We’ve all been there, waiting for the theorem prover to answer. Getting up for a cup of coffee, bugging a colleague… still no answer. This can be standard behaviour when doing formal verification. The requirements are difficult to prove, the system manages to escape into some dark corner not easily approached by the theorem prover. If things are really bad, then the waiting might continue for hours, days, even weeks!

More is not better

The common remedy for this condition is to get more computers, more powerful computers, more memory, parallel computers, more, more… more usually helps to solve the current situation. But soon another larger system comes along and the condition returns. What I am saying is that, usually, perfomance issues when doing formal verification are a symptom of a more serious disease. And trying to cure it with more computer power is like treating cancer with stronger painkillers; it only addresses the symptom, not the cause.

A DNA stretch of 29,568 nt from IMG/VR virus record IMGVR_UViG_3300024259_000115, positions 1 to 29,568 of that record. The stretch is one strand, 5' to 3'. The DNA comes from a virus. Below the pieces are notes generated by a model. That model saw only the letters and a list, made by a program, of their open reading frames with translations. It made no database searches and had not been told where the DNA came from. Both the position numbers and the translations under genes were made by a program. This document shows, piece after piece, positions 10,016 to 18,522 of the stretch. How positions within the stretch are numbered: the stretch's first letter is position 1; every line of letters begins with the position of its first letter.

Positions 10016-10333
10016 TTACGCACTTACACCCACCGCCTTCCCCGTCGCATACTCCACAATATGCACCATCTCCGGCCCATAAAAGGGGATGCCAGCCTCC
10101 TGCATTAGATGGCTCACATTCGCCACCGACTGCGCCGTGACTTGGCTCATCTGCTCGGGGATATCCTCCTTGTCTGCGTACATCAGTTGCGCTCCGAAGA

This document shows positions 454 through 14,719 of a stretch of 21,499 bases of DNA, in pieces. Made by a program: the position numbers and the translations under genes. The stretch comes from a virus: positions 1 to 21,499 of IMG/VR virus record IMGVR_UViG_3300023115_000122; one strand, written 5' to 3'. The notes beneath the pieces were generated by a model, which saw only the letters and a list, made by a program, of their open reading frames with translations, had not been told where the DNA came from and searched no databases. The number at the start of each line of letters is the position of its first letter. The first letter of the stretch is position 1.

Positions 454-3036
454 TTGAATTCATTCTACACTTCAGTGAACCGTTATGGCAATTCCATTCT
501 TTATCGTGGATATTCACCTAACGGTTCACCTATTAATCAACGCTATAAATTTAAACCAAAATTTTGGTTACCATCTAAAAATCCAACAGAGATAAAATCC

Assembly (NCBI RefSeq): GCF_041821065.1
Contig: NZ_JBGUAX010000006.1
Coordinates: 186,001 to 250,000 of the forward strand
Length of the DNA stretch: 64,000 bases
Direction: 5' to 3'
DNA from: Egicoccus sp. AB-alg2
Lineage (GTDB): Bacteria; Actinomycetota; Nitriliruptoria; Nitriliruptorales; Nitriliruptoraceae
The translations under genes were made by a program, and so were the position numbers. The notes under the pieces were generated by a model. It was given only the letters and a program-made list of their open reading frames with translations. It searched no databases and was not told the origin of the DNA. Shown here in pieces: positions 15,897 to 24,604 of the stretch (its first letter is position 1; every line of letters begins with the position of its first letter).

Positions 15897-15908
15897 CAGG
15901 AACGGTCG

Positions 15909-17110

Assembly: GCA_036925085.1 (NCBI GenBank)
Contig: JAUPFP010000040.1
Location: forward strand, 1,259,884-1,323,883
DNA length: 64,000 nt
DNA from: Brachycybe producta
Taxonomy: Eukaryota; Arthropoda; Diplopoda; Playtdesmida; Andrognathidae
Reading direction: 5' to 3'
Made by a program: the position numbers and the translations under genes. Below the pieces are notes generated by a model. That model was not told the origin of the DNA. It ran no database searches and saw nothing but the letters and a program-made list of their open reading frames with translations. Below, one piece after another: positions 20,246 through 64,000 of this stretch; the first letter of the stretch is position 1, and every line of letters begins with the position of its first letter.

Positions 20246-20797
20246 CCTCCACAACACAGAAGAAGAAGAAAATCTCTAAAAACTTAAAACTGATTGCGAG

System disharmony

In my experience, the cause of performance issues when doing formal verification is not lack of computer power. It is rather an indication that the requirements and the system verified are not in harmony. With this, I mean that the system might satisfy the requirements, but not in an obvious way. If the requirements are satisfied, then they are done so in some roundabout, tricky way, not by some straightforward checks, making them hard to prove.

The root cause of this disharmony is usually that the system was not developed for verification, causing the fulfillment of the requirements to be addressed late in the development process. The obvious cure is prophylax. Ideally, the requirements should be available at the beginning of the development of the system. Then the developers can design the system so that it satisfies the requirements in an obvious way. This will make the requirements easy to prove and all performance issues go away. Furthermore, formal verification should be introduced as early as possible in the process so the developers have a chance to confirm that they are on the right track.

In case you are wondering, this is how development is done in the Prover Trident process.

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